Sniper Elite V2 for the Xbox 360 will definitely have you sitting on the edge of your seat from start to finish. This game is refreshing because it is anything but a Call of Duty clone, it is a smart shooter game that requires careful strategy and planning in order to accomplish your goals.
The game allows you to play multiplayer missions or solo missions. The multiplayer missions are best played with a friend versus a complete stranger, because communication between partners is essential for these missions to be a success. The one thing that this game received criticism for was the missions being too brief. Also some people thought there should be better stealth options because it was somewhat difficult to be stealthy at certain points in the plot.
The great thing about this game is that there is more than one way to complete a mission. Another nice touch is the ability to fire a bullet so that it will kill two enemies at once. Another is the use of x-ray vision to show the kill, with the sniper's bullet in slow motion. The advantage of x-ray vision is that it will show you exactly where the bullet hits your enemy, even the vital organs. It's all very gory and there is a lot of tension because there is always some sort of danger lurking around the next corner. The game is of course perfect for those who like the accuracy of the sniper's art.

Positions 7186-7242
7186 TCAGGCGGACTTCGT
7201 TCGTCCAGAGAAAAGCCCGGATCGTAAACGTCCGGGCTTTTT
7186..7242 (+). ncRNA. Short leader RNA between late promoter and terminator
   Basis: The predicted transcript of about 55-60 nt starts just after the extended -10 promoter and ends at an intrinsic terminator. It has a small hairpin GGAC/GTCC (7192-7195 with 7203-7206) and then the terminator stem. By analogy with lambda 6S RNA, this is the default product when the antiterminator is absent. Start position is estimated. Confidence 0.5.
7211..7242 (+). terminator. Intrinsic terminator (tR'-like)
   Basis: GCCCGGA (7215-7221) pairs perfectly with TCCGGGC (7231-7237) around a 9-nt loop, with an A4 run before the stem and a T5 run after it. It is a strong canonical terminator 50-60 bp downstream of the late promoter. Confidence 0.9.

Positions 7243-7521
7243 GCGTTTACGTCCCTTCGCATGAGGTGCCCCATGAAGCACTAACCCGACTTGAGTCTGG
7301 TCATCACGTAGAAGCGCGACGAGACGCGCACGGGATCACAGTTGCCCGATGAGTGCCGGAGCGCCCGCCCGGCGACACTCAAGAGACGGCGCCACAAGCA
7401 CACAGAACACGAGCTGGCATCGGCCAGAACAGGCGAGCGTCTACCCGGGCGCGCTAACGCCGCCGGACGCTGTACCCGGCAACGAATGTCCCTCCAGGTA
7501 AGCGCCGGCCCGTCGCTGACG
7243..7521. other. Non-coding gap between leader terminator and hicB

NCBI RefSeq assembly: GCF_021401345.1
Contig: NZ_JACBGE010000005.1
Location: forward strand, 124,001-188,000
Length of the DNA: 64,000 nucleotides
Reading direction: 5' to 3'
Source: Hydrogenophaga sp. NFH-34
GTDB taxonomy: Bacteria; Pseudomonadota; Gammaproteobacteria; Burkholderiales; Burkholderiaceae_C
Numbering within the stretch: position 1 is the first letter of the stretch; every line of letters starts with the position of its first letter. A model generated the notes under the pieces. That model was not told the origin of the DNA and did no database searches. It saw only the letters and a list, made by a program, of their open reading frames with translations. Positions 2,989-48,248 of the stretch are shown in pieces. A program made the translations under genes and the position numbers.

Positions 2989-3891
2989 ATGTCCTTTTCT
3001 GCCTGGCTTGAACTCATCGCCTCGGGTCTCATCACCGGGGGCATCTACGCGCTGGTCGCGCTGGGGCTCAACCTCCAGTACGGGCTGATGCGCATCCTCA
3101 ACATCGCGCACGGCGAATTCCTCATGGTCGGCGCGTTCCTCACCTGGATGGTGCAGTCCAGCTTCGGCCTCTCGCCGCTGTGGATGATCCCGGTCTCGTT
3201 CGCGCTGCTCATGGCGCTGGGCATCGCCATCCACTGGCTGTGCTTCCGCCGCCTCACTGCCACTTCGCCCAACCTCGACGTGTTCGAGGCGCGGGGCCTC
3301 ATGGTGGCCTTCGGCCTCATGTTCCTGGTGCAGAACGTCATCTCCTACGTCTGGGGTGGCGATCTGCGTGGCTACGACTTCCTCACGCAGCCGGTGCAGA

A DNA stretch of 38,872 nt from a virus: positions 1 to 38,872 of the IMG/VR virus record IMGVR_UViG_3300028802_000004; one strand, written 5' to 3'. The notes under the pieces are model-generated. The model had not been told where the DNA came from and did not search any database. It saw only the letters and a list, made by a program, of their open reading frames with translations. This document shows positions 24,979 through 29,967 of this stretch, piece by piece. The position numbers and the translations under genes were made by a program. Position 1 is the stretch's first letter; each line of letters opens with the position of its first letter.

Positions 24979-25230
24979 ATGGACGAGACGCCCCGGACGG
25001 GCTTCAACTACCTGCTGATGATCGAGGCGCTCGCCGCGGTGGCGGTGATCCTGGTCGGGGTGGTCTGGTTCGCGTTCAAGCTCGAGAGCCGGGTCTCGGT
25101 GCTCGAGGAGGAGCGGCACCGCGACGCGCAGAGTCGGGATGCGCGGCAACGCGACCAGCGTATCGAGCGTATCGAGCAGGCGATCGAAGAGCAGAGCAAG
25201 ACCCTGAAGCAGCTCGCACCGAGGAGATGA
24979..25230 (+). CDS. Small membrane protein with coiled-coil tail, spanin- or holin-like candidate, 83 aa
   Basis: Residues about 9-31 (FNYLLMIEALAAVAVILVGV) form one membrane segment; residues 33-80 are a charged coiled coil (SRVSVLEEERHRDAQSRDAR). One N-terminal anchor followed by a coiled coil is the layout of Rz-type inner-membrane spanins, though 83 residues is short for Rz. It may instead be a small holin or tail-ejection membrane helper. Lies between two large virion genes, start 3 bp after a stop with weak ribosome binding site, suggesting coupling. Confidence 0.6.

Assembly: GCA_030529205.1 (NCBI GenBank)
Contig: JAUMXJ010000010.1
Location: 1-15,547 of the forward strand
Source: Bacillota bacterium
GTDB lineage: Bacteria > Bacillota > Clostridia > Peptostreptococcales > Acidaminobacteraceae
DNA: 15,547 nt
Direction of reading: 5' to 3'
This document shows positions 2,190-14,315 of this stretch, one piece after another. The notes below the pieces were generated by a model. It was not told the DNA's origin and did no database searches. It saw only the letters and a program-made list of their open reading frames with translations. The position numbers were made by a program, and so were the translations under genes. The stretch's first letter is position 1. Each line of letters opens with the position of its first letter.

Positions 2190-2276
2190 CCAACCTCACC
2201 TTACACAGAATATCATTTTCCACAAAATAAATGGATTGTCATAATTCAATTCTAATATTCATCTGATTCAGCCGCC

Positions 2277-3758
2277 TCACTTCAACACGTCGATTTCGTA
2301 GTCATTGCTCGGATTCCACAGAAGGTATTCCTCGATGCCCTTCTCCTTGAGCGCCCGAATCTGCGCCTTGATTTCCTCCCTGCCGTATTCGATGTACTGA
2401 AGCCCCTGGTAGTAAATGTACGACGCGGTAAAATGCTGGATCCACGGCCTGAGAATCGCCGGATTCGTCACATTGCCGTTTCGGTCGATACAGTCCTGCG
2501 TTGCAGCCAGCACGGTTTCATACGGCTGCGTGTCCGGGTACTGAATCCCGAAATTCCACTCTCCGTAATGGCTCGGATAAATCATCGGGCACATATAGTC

Another complaint is the fact that enemies often seem to have superhuman vision. They can spot you from unrealistic distances. The enemies also have poor AI, which can make it easy to get past them. What is good about this game is that you are rewarded for having patience. Not many games reward players for their patience.
Overall, this is a great game to add to your collection. You will be thoroughly impressed by the fun you can have with some of the features and you might even learn something in the process. The great thing about history games is they teach you as you play them.
Sherlock Holmes is an icon, and perhaps one of the most famous private detectives in all of fiction. Holmes has spread out to practically every form of media, from the original fiction to film, radio, comic books and others. He's even appeared in video games before, though never quite like he has in The Testament of Sherlock Holmes.
In The Testament of Sherlock Holmes, something is going very wrong at Baker Street. Holmes has recently solved a case where he re-assembled the gems of a famous necklace and returned them to his client. However, the client accuses the necklace of being a pale imitation. This casts suspicion on Holmes, which is then made even worse when he goes to an appointment with the Archbishop of Knightsbridge, who is beaten, mutilated and set on fire. The circumstantial evidence doesn't look good for Sherlock, who has to follow leads and prove his innocence of the crimes he appears to be guilty of.